Anne of Green Gables

So Much Scope for Imagination: The Vivid World of Anne of Green Gables

Written by Monica VanDerWeide, ’95

For more than a century, Anne Shirley, Prince Edward Island’s spirited redhead, has delighted readers with her boundless imagination and endless escapades. From a hair-coloring experiment gone bad to an afternoon tea featuring liniment-flavored cake, the beguiling “Anne with an ‘e’” offers laugh-out-loud entertainment to adults and children alike. But underneath the humor that runs throughout the book are themes that contribute to Anne’s transformation from an unwanted orphan to the pride and joy of the village of Avonlea. Lecturer in History Dedra Birzer suggests discussing the following themes and topics with students as they read Anne of Green Gables.

Imagination—We learn early on that Anne has an imagination that never quits; furthermore, she gets frustrated by people and situations with “no scope for imagination.” “Anne’s imagination is what allows her to survive prior to coming to Green Gables,” Birzer says. Indeed, in the first two paragraphs of Anne’s dialogue, she mentions “imagination” eight times as she describes other children at the orphanage and what she would have done if Matthew Cuthbert had not come to pick her up at the train station (“…it would be lovely to sleep in a wild cherry tree…don’t you think? You could imagine you were dwelling in marble halls, couldn’t you?”). Later in the book, Anne helps her friends cultivate their imaginations through a story club, coaxing stories out of them. “I mostly always have to tell them what to write about, but that isn’t hard for I’ve millions of ideas,” Anne tells Marilla Cuthbert.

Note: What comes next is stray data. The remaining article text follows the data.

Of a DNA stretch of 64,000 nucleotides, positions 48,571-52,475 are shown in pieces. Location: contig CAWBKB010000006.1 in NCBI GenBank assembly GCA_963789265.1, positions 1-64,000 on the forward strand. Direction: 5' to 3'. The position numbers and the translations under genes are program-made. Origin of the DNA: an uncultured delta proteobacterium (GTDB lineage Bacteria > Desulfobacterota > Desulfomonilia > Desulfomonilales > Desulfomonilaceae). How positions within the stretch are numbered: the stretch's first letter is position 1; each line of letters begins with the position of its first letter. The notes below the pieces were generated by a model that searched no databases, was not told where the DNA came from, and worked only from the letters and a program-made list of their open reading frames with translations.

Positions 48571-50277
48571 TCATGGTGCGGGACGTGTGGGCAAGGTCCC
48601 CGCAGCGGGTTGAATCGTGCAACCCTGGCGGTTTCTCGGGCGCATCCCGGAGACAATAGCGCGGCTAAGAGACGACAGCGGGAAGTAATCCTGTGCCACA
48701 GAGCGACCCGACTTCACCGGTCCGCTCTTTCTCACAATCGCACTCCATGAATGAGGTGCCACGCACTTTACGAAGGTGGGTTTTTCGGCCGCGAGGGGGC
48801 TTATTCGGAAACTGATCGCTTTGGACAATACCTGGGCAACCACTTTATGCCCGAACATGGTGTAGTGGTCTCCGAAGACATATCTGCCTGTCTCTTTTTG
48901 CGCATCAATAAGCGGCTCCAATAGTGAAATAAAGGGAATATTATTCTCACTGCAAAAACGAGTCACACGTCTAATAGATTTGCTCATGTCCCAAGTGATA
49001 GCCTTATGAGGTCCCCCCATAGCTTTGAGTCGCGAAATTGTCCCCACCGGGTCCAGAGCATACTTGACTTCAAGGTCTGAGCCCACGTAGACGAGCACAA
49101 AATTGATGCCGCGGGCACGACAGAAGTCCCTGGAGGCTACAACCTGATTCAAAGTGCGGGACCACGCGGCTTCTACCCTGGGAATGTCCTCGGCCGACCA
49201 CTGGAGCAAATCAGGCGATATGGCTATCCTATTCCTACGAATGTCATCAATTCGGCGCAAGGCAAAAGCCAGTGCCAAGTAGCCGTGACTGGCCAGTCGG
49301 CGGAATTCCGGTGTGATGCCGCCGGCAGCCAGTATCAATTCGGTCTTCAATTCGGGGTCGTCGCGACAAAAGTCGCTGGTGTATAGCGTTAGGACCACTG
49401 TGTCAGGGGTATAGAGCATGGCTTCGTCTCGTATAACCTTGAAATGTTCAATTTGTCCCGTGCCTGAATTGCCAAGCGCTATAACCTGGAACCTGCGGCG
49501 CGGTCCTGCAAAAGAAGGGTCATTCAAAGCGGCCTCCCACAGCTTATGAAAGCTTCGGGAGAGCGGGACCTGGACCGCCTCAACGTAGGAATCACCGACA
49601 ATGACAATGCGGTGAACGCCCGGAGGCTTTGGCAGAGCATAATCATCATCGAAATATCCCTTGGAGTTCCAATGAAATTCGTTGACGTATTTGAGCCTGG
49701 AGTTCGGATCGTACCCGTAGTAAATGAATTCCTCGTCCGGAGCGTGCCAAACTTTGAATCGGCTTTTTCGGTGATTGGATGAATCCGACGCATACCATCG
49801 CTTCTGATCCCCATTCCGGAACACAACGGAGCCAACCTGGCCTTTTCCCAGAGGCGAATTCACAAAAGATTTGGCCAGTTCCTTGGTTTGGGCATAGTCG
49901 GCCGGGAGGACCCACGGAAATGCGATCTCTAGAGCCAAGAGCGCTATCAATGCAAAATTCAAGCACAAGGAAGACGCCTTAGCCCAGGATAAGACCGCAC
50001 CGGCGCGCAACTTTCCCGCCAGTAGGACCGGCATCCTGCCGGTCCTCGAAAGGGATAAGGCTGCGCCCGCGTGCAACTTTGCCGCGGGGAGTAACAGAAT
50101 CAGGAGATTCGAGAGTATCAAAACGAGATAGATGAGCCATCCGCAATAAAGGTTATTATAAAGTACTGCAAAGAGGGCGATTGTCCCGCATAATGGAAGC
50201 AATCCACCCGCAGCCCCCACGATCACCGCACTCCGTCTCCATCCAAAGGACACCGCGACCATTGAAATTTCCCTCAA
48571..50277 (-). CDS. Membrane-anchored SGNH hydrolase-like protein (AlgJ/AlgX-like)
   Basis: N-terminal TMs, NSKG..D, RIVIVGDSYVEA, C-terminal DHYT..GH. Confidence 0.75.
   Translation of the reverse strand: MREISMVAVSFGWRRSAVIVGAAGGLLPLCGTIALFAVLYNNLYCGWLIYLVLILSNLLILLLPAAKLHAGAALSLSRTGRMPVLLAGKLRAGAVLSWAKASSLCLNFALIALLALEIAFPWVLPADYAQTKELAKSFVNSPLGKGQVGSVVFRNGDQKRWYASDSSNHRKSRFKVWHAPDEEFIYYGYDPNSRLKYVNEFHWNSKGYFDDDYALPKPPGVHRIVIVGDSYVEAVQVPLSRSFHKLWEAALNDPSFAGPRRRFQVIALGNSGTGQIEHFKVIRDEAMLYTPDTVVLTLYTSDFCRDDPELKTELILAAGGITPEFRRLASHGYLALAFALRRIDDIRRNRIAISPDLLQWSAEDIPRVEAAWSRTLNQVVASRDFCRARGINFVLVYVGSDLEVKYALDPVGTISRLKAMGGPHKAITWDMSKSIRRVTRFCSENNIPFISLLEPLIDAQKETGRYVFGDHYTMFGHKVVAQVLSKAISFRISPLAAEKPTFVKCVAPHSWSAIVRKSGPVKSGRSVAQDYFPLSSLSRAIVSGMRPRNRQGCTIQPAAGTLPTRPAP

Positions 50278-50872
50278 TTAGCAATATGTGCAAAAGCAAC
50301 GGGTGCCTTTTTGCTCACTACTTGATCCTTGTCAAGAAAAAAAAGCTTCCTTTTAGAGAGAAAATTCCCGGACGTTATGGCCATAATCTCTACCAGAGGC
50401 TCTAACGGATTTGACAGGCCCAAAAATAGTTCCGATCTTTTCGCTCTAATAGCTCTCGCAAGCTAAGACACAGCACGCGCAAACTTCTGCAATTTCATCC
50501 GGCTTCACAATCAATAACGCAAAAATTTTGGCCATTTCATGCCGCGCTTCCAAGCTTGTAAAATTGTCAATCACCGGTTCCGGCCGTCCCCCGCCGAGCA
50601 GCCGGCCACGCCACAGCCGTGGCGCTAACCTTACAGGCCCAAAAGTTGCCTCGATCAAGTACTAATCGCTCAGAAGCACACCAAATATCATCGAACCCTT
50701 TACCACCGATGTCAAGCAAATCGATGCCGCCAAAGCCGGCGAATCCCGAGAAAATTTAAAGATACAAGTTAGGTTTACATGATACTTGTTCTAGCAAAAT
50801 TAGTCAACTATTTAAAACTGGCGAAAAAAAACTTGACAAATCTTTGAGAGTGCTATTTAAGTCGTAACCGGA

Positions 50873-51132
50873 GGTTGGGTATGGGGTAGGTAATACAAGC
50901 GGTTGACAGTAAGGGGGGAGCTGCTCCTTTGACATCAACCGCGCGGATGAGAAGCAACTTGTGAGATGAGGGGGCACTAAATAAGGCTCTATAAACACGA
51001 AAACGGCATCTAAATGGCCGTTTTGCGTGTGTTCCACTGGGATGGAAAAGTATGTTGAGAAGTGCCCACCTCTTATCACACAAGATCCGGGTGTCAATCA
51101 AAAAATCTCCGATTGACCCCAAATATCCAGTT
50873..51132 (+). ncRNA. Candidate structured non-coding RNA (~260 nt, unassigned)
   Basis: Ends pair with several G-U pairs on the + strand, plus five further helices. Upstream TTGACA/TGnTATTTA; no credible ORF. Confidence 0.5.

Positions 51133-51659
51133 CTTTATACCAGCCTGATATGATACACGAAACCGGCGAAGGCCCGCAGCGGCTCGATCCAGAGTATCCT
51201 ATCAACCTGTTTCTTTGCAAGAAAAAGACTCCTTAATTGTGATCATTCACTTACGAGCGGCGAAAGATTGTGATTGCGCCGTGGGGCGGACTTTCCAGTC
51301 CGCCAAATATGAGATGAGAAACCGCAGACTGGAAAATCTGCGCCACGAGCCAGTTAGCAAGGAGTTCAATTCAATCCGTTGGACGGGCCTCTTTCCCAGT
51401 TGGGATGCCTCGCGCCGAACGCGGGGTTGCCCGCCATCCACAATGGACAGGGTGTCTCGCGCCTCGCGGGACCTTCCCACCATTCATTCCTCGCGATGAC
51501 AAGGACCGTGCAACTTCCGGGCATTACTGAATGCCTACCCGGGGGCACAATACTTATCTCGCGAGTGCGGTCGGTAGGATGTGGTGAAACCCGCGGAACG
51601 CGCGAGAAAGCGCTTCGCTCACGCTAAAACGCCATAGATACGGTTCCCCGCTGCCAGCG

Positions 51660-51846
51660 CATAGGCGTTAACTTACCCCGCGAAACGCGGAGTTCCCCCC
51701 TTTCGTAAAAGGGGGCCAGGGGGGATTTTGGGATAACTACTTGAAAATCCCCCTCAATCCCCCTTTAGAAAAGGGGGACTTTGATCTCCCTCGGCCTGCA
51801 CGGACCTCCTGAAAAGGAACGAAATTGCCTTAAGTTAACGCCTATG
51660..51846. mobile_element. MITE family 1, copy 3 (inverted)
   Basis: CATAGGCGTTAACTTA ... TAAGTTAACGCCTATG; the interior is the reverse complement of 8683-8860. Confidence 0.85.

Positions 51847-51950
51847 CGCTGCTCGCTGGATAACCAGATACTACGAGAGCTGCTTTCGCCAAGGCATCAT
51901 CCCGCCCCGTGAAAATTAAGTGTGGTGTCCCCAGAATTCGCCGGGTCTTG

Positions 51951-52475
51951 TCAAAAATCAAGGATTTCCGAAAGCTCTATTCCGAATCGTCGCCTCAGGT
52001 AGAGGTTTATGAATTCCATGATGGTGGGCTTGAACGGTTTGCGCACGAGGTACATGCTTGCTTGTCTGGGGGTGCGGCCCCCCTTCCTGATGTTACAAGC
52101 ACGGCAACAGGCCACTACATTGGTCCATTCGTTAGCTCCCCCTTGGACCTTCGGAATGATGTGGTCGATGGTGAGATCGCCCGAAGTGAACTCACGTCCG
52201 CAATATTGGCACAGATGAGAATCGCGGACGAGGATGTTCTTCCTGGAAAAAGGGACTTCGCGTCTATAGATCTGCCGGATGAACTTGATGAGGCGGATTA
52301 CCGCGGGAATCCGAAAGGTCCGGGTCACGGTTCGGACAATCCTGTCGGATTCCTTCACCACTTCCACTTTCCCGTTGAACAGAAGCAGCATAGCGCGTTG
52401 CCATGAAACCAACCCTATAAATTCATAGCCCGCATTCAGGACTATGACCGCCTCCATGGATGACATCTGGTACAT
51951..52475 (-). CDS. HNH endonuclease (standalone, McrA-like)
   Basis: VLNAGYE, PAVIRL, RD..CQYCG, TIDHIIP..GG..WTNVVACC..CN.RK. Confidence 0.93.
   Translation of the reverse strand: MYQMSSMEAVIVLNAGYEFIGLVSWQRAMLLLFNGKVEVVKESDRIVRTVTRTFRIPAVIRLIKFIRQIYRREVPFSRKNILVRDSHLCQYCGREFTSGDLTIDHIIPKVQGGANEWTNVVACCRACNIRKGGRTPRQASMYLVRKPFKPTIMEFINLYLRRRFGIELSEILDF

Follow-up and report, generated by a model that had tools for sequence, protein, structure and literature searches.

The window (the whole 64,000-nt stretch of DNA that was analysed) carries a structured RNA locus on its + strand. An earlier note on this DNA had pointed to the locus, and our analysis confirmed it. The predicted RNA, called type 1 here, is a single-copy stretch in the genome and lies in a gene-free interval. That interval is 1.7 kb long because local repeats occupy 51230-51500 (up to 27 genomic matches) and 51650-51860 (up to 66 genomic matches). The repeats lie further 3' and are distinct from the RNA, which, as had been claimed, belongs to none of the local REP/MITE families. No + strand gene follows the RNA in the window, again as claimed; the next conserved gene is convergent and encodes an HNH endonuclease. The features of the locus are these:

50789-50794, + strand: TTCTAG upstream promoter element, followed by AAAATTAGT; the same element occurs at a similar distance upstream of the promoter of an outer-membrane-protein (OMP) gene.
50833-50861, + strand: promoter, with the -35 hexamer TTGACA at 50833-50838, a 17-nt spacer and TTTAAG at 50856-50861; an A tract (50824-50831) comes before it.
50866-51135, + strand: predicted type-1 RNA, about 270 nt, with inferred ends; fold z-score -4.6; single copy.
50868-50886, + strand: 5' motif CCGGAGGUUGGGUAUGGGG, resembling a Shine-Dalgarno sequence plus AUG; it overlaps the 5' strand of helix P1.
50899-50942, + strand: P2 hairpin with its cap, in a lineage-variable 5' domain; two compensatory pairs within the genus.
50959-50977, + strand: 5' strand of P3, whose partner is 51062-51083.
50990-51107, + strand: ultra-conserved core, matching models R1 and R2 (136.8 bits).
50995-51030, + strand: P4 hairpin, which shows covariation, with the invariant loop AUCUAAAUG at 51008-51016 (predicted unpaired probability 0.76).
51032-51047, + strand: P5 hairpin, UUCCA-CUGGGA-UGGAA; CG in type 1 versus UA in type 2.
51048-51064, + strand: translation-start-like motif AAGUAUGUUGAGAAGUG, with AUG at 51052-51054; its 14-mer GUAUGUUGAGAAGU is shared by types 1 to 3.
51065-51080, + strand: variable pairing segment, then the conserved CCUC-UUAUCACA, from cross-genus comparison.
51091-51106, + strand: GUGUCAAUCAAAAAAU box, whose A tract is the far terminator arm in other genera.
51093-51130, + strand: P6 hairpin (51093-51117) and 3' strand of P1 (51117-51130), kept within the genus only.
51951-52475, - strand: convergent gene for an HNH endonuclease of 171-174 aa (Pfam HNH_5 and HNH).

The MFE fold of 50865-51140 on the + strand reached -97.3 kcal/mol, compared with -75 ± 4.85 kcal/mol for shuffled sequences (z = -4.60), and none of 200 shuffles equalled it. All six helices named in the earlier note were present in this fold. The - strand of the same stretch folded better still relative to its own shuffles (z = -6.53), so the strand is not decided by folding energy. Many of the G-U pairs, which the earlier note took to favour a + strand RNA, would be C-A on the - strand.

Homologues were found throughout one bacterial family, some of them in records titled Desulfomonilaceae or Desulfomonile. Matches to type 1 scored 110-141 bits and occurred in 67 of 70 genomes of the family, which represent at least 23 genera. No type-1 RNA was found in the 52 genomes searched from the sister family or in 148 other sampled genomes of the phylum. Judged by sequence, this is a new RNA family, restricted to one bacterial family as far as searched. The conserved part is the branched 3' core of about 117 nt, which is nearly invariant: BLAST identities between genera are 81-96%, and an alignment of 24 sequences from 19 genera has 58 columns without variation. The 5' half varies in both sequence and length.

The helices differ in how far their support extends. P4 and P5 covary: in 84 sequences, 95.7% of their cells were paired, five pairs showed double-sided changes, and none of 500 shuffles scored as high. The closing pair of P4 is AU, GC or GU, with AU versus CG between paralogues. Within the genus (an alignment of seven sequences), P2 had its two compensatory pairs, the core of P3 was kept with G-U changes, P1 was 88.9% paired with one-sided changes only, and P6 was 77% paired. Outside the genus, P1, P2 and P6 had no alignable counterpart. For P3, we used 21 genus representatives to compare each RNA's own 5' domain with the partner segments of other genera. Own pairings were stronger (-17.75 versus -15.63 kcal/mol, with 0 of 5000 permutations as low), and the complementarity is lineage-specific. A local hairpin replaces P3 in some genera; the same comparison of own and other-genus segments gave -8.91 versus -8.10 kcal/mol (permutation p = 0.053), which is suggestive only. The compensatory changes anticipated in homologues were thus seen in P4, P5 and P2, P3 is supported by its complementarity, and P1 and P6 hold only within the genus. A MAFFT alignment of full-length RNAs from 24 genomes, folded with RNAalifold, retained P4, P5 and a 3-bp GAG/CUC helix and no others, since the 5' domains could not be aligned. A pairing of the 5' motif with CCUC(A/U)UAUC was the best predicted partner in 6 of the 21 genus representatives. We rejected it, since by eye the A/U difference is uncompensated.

Beauty—Anne notices the beauty of the landscape and seasons that many of the townspeople take for granted. She names features of the land—Mr. Barry’s pond is the Lake of Shining Waters—and she gives the roads to school fanciful names like Lover’s Lane, Willowmere, Violet Vale, and the Birch Path. In doing so, Anne “puts down roots and attaches herself to these places,” Birzer says. Anne’s sense of wonder about the beauty of nature, coupled with her imagination, brings a new awareness of beauty to the residents of Avonlea. “Through her imagination, Anne opens up the villagers to seeing the world around her,” Birzer adds.

Orphans—Birzer suggests that teachers talk to students about how the perception of an orphan has changed in the last 100 years. “At the time of this book’s publication, an orphan was brought into a family with the expectation of working for that family,” Birzer says. The Cuthberts wanted a boy to help Matthew work on the farm. However, shortly after bringing Anne home, Matthew puts aside the notion of an orphan as a farm hand. He recognizes the value of having Anne as a companion and considers her a part of the family.

Mistakes—While Anne finds herself constantly stumbling into scrapes and gaffes—often a result of her wild imagination—she feels contrition afterward and strives to improve herself. As she tells Marilla two years after her arrival, “Ever since I came to Green Gables I’ve been making mistakes, and each mistake has helped to cure me of some great shortcoming….I feel quite sure that you will soon see a great improvement in me.” “Ask your students what they learn from their mistakes,” Birzer suggests. “How do you balance imagination with reality?”

Love—At the beginning of the story, a forlorn Anne declares, “Nobody ever did want me.” Yet we see that Matthew is smitten with Anne almost immediately. As the story unfolds, we see Anne find love among the townspeople—her “bosom friend” Diana; the town busybody, Mrs. Lynde; the harsh-turned-soft Aunt Josephine; and the dashing Gilbert Blythe (although Anne won’t own up to it for years). But perhaps the greatest example of transformational love is the relationship between Anne and Marilla. At the end of the book, the stern spinster finally admits to Anne: “I love you as dear as if you were my own flesh and blood and you’ve been my joy and comfort ever since you came to Green Gables.” “Anne is a gift to the Cuthberts and the whole town,” Birzer says. “She gives them so much.”

 

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